When Edward VI succeeded to the throne at age 9, William Thomas, clerk of the council, set him 85 questions on history and policy to answer at his leisure. “For though these be but questions, yet there is not so small an one among them, as will not administer matter of much discourse, worthy the argument and debating.” Samples:
- Whether it is better for the commonwealth, that the power be in the nobility or in the people?
- How easily a weak prince with good order may long be maintained, and how soon a mighty prince with little disorder may be destroyed?
- What is the occasion of conspiracies?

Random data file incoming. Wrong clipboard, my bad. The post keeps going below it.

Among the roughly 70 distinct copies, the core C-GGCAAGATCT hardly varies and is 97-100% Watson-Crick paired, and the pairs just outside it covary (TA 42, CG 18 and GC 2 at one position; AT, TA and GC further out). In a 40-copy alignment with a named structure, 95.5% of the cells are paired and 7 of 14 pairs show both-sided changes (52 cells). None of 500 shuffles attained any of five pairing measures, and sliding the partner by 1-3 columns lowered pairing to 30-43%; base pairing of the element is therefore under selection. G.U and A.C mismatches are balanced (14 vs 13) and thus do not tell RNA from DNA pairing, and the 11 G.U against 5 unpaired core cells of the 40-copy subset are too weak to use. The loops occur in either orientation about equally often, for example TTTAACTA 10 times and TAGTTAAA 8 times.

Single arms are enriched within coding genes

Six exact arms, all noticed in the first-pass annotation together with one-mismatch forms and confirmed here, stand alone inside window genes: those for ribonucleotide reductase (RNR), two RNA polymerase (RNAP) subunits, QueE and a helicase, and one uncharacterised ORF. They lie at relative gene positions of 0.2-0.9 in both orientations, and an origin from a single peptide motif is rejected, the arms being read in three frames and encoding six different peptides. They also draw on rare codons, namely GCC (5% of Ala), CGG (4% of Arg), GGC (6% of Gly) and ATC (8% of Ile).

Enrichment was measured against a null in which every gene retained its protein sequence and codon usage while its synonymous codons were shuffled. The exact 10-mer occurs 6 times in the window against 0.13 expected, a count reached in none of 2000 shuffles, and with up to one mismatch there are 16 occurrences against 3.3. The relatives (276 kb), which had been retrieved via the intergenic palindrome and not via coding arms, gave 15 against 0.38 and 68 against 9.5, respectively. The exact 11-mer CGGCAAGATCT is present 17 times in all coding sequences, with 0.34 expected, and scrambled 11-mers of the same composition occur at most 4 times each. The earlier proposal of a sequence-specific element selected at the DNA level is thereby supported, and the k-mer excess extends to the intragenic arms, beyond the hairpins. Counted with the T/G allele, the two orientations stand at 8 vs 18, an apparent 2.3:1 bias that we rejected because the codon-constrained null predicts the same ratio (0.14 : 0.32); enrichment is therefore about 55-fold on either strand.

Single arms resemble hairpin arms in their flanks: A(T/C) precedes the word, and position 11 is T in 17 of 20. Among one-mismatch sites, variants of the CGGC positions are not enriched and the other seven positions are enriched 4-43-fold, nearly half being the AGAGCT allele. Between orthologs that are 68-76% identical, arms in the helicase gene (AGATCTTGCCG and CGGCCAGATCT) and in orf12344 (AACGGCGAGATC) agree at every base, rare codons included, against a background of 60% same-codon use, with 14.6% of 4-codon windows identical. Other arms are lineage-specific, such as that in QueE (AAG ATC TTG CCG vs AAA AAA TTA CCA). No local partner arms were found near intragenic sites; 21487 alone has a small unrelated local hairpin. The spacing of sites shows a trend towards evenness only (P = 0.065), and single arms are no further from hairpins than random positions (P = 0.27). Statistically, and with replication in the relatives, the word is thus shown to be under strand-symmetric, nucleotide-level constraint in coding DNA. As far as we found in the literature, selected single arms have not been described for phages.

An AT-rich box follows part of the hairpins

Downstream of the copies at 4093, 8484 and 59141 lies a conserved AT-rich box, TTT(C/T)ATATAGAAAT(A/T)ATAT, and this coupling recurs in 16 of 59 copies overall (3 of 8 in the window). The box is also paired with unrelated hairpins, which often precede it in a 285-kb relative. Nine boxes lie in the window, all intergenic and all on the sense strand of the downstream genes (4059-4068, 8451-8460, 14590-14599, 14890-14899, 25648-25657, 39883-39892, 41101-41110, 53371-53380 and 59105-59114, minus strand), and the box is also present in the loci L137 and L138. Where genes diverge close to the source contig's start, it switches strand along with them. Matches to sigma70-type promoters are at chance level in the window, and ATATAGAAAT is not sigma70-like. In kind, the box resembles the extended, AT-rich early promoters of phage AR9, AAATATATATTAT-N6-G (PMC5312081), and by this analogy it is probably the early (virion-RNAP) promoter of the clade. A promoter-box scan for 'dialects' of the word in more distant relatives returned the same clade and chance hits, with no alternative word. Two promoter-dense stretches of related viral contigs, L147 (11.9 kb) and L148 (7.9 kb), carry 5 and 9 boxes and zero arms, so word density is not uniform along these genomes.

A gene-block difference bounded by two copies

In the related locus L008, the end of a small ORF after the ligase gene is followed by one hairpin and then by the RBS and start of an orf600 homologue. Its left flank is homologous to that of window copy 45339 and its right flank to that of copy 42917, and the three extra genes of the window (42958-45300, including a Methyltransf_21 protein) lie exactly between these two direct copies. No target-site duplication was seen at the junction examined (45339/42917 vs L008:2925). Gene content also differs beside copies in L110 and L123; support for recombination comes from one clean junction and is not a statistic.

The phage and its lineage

- Whether the people commonly desire the destruction of him that is in authority, and what moveth them so to do?
- How flatterers are to be known and despised?
- How dangerous it is to be author of a new matter?
- Whether evil report lighteth not most commonly upon the reporter?
- Whether a puissant prince ought to purchase amity with money, or with virtue and stoutness?
- What is the cause of war?
- Whether the country ought not always to be defended, the quarrel being right or wrong?
- What danger it is to a prince, not to be revenged of an open injury?
- Whether it be not necessary sometimes to feign folly?
Thomas closes by suggesting that Edward keep the questions to himself, since it is better “to keep the principal things of wisdom secret, till occasion require the utterance.”